Mexican eateries are ubiquitous in Corona, but unlike most, this sunny family-run tortilleria painstakingly grinds corn into fresh masa for many of its dishes. This means that the tamales are delicate and fluffy, and profoundly corny tortillas envelop fillings such as fried skate in the first-rate fish tacos.
You won’t need Spanish skills to gobble down $6 carnitas (pork seasoned with garlic, thyme and oregano and cooked in lard) and garlicky beef tacos at this tiny fast-paced Mexican bodega. Just repeat the following—“Quiero una carnita y un taco de carne”—and get out of the way. If you’re feeling ritzy, the pricier version—lengua—comes in at $7.
Chef Ivan Garcia (Mercadito) explores his Mexico City roots at this eatery, named for the neighborhood where he grew up. The food echoes the multiregional snacks you might find on the capital city’s streets: A trio of tamales presents versions from Oaxaqueño (chicken and mole), Chiapaneco (pork, fruit and nuts) and Veracruzano (tilapia with guajillo salsa). Other preparations come straight from the chef’s family, including a secret-recipe ceviche.
This low-lit East Village cantina from Ofrenda amigos Jorge Guzman and Mario Hernandez busts out of the tortilla-wrapped norm, spotlighting tribal delicacies like grasshoppers, worms and, yes, the namesake ant. Hailing from the Dominican Republic and Cuernavaca, Mexico, respectively, the pair sources those creepy crawlers and the modern Mayan decor straight from their home states. Brave bugged-out snacks like the tlayuda con chapulines or try pest-free plates like punchy papaya ceviche de jurel with yellowtail tuna.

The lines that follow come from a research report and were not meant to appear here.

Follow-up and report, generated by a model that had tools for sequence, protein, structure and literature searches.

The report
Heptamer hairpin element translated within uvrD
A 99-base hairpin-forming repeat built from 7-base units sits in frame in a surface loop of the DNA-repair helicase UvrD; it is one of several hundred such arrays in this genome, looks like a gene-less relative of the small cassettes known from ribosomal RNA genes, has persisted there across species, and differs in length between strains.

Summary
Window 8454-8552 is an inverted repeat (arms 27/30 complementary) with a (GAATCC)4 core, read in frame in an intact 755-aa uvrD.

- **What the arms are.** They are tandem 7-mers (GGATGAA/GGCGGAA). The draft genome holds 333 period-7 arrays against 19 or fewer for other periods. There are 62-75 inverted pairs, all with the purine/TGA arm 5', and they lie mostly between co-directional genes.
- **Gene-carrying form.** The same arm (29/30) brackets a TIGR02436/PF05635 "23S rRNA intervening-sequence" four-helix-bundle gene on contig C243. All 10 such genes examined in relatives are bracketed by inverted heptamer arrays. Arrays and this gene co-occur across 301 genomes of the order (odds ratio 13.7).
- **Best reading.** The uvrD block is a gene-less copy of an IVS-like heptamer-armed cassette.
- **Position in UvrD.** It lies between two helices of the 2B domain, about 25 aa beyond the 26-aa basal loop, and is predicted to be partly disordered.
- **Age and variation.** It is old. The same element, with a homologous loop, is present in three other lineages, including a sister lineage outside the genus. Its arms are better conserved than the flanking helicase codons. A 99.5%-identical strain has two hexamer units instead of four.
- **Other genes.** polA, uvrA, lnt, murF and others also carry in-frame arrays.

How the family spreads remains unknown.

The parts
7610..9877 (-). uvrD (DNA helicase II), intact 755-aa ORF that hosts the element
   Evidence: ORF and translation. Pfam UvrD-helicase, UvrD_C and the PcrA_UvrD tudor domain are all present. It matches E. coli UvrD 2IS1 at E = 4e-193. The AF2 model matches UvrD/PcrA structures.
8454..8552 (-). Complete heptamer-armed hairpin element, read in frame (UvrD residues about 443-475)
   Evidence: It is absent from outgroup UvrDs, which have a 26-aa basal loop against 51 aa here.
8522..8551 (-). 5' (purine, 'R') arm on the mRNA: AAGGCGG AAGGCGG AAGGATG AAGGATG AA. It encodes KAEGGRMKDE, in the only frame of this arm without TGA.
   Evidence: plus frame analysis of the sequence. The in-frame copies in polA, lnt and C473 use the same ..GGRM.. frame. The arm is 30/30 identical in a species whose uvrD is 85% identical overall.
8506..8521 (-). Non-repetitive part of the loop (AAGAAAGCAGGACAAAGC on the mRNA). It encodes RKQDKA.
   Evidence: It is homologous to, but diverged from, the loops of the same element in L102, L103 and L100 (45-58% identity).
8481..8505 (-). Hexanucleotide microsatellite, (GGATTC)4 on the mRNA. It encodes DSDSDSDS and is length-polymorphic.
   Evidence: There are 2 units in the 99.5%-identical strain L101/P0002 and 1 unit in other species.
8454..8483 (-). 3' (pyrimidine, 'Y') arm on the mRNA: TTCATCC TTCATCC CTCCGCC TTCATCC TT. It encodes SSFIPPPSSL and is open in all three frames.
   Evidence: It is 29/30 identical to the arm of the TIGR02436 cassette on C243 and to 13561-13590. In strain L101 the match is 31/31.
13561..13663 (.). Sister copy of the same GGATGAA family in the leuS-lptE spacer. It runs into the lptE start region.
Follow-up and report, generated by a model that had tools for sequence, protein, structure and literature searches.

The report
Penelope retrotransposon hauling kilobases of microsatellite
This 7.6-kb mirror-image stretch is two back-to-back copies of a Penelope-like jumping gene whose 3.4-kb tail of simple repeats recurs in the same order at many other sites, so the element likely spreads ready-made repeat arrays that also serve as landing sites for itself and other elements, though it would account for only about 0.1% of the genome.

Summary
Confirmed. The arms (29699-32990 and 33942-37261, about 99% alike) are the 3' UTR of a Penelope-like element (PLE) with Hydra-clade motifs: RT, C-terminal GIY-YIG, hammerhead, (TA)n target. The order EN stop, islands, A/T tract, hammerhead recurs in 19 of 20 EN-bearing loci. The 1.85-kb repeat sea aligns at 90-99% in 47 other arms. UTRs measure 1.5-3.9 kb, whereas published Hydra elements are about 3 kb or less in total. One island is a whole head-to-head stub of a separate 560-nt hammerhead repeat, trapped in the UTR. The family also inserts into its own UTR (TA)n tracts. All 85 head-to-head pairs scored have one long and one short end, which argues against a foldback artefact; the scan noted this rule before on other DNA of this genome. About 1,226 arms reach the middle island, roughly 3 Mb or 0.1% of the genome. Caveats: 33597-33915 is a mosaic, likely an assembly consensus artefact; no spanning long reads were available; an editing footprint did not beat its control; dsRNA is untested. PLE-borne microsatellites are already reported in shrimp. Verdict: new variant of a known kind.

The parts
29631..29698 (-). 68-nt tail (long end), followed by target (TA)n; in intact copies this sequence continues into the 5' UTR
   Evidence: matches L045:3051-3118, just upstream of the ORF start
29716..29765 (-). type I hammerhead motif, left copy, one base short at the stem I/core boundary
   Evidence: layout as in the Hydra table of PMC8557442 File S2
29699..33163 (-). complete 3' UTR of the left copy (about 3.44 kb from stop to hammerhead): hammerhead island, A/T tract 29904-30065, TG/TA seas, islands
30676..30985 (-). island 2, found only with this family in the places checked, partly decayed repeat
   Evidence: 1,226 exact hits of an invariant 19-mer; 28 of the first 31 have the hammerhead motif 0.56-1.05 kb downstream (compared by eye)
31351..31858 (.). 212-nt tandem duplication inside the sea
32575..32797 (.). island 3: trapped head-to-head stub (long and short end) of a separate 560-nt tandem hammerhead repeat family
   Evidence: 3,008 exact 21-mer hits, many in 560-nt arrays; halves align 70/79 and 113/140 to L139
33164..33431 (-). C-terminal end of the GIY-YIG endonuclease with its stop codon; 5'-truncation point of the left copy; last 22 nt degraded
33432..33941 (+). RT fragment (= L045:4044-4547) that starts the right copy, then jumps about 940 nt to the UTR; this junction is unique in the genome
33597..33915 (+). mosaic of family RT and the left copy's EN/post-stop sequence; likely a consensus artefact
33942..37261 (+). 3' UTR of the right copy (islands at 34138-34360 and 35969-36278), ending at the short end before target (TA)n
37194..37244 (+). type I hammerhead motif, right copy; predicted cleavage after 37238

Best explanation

The team behind Colonie pivots from farm-to-table American to regional Mexican cuisine with this 60-seat canteen in Dumbo. Chef Rob Stauning turns out market-driven South of the Border fare, bolstered by from-scratch ingredients, like homemade chorizo and hand-pressed tortillas made with heirloom corn. Diners can dig into plates like quesadillas filled with charred ramps and kale, fluke ceviche with orange and chayote, and Amish lamb meatballs with stewed tomato and morita chile.
Inside the boisterous graffiti-tagged room—clinging to the grit of its ’80s incarnation, punk haunt Alcatraz—servers move tacos from the ordering counter to the self-seat tables with a speed that would impress a track-and-field coach. Alex Stupak's $4 tacos are unfussy, served on paper plates with sides that come in takeout containers (like a great burnt-end-beans riff fortified with hunks of al pastor pork). The tortillas—made from Indiana corn that’s nixtamalized (the grains are cooked in limewater and hulled) and pressed in-house daily—are thin and springy, with a delicate maize sweetness.